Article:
This Season, the Scrappy Heroes Are Wearing Skirts

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Dakota Blue Richards

Dakota Blue Richards as Lyra Belacqua, the needs-no-help- thanks heroine of The Golden Compass. hide caption

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Ellen Page i

Ellen Page stars as the indomitable, in-the-family-way title character in Juno. Doane Gregory/Fox Searchlight Pictures hide caption

itoggle caption Doane Gregory/Fox Searchlight Pictures
Ellen Page

Ellen Page (left) and Olivia Thirlby in Juno

Doane Gregory/Fox Searchlight Pictures
A still from 'Persepolis' i

Marjane, the young Iranian heroine of the upcoming Persepolis, outwits two "guardians of the revolution" when they harass her for dressing "punk." Marjane Satrapi/Vincent Paronnaud/Sony Pictures Classics hide caption

itoggle caption Marjane Satrapi/Vincent Paronnaud/Sony Pictures Classics
A still from 'Persepolis'

Marjane, the young Iranian heroine of the upcoming Persepolis, outwits two "guardians of the revolution" when they harass her for dressing "punk."

Marjane Satrapi/Vincent Paronnaud/Sony Pictures Classics

When Hollywood makes action adventures, provocative comedies and fantasy films, it almost always targets teenage boys as the primary audience. This week, the sisters of those boys will also have someone to root for — in Juno and The Golden Compass.

The latter is an enormous, action-packed, magic-fueled fantasy epic — the kind with castles, armies, and creatures not found in your local zoo.

Like, say, armored bears.

What's really remarkable about this epic, though, is that it's headed by a little girl. In most Hollywood adventures, girls — Harry Potter's Hermione, for instance — tend to be part of a hero's posse. But in this one, Lyra Belacqua (played by Dakota Blue Richards) has her own posse, made up of water-dwelling Gyptians, fierce urchins, changeable spirit daemons, plus a bear, a witch and a wardrobe of skirts. Lyra is a fearless little preteen damsel, who does not like even the suggestion that she might ever be a damsel in distress.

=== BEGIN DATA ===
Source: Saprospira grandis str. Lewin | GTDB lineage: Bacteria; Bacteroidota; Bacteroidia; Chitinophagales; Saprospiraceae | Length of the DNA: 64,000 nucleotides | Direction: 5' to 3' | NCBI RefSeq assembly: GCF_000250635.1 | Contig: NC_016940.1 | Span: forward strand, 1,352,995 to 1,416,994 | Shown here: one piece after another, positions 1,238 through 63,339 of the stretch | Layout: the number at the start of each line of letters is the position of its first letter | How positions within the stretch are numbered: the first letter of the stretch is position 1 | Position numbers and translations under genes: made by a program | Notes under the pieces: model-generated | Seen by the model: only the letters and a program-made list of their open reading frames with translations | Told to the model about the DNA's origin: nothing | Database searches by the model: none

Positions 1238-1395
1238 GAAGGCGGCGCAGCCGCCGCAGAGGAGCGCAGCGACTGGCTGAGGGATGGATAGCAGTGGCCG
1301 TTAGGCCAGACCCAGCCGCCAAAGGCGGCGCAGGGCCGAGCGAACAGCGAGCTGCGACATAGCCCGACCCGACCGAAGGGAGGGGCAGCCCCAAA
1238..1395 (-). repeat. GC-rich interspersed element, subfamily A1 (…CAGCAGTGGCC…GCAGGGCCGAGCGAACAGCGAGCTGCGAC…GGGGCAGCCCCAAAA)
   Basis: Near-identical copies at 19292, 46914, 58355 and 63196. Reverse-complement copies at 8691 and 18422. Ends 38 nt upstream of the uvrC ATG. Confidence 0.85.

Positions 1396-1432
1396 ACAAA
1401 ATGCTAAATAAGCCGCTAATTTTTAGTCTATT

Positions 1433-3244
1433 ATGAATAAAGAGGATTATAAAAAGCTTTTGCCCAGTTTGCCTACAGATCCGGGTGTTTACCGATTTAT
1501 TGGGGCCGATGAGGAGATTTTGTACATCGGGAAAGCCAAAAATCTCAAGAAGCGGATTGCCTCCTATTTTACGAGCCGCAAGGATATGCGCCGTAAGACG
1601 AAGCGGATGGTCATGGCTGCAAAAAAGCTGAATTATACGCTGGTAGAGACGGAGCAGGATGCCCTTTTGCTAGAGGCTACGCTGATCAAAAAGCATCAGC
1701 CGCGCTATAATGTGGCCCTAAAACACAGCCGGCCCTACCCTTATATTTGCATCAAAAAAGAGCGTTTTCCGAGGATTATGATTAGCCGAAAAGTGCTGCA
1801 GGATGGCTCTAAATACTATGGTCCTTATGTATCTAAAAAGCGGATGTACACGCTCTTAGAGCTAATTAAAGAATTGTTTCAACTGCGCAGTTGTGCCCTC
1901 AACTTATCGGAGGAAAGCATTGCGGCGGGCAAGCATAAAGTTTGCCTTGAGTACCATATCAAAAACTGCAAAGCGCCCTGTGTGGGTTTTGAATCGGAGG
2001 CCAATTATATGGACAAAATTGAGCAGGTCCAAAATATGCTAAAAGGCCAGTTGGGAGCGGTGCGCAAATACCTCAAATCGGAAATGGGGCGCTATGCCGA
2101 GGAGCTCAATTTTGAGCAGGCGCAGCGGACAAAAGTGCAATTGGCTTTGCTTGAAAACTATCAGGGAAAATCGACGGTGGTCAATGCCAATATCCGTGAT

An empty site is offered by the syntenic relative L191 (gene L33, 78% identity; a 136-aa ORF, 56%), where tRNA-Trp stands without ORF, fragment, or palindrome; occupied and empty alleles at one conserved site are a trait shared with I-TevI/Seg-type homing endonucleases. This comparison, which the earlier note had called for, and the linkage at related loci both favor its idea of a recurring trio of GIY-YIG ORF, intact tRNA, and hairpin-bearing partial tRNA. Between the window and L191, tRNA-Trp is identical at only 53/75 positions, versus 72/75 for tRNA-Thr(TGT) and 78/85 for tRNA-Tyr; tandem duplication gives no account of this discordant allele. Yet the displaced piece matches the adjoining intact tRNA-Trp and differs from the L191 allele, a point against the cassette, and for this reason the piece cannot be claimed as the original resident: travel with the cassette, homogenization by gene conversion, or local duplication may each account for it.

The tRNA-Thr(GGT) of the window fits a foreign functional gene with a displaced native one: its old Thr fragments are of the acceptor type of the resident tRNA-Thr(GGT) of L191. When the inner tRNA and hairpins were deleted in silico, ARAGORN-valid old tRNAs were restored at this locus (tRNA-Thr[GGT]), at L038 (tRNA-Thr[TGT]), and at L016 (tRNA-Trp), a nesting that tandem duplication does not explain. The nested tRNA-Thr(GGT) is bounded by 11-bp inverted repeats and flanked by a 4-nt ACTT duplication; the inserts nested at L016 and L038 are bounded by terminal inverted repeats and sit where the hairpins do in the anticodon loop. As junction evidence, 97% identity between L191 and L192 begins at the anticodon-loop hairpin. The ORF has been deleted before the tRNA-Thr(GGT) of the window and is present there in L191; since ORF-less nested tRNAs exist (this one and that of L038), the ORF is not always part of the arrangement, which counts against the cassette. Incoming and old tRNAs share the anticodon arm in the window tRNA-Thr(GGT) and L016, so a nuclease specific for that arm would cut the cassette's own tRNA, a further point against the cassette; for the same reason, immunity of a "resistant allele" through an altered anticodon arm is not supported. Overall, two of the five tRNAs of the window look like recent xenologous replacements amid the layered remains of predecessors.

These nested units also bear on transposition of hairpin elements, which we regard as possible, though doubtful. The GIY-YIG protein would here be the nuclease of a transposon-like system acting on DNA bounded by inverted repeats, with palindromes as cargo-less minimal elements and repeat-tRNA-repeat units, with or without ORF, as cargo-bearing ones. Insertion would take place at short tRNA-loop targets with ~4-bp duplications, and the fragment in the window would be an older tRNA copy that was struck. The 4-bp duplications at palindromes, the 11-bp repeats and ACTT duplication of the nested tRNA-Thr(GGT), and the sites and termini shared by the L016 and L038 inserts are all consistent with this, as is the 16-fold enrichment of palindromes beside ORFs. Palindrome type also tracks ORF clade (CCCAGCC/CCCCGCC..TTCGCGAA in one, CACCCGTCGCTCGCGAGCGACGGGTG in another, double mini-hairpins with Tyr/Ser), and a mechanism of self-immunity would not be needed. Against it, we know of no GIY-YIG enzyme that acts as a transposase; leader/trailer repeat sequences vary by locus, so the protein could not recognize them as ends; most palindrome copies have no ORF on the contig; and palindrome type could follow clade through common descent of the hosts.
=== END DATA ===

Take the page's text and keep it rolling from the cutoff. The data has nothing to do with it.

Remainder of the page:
Her story is designed to span three films, as it did the three books of Philip Pullman's His Dark Materials saga — which proved controversial in some quarters because of the religious beliefs, or more precisely the religious unbelief, of its author. Worrying that this could also be an issue at the Cineplex, the filmmakers have taken great pains to make The Golden Compass amusing, exciting and grand without ever raising anyone's hackles.

The makers of the film Juno, on the other hand, seem to have wondered what's the point of having hackles if they never get elevated, so they push every button they can. Their heroine is a sharp-tongued 16-year-old who's not about to let an unexpected pregnancy get in the way of her quirky sense of humor — even when she and her dad are first meeting some possible adoptive parents.

Juno, played very smartly by Ellen Page, comes off as thoroughly self-possessed and not quite as worldly as she thinks. But she's still a lot worldlier than her boyfriend or the adoptive dad, who are, respectively, just leaving adolescence and desperately clinging to its memory. In fact, if The Golden Compass is a feminized version of all those Lord of the Narnia fantasies, the wistful, snarky Juno qualifies as a distaff answer to Knocked Up.

Now, Hollywood lore says boys prefer movies with boys as heroes — something that becomes self-fulfilling, of course, if girls can't get cast in comparable roles. Which makes it all the more remarkable that Juno and Lyra are not the only sharp-edged gals at center-screen at the moment. This weekend also brings Atonement, in which a lie told by a 13-year-old schoolgirl wrecks a number of lives, and Grace Is Gone, in which a man trying to shield his preteen daughters from tragedy discovers that they're more resilient than he is. And in a few weeks, the animated film Persepolis brings us Iran's Islamic revolution as seen through the eyes of a spunky cutie named Marjane.

All of these roles could've gone to boys, I suppose — except Juno, given that pregnancy has its prerequisites — but I have to say it's interesting to have the shoe on the other foot for a change. It's a sneaker, admittedly, not a high heel. But it's a start.



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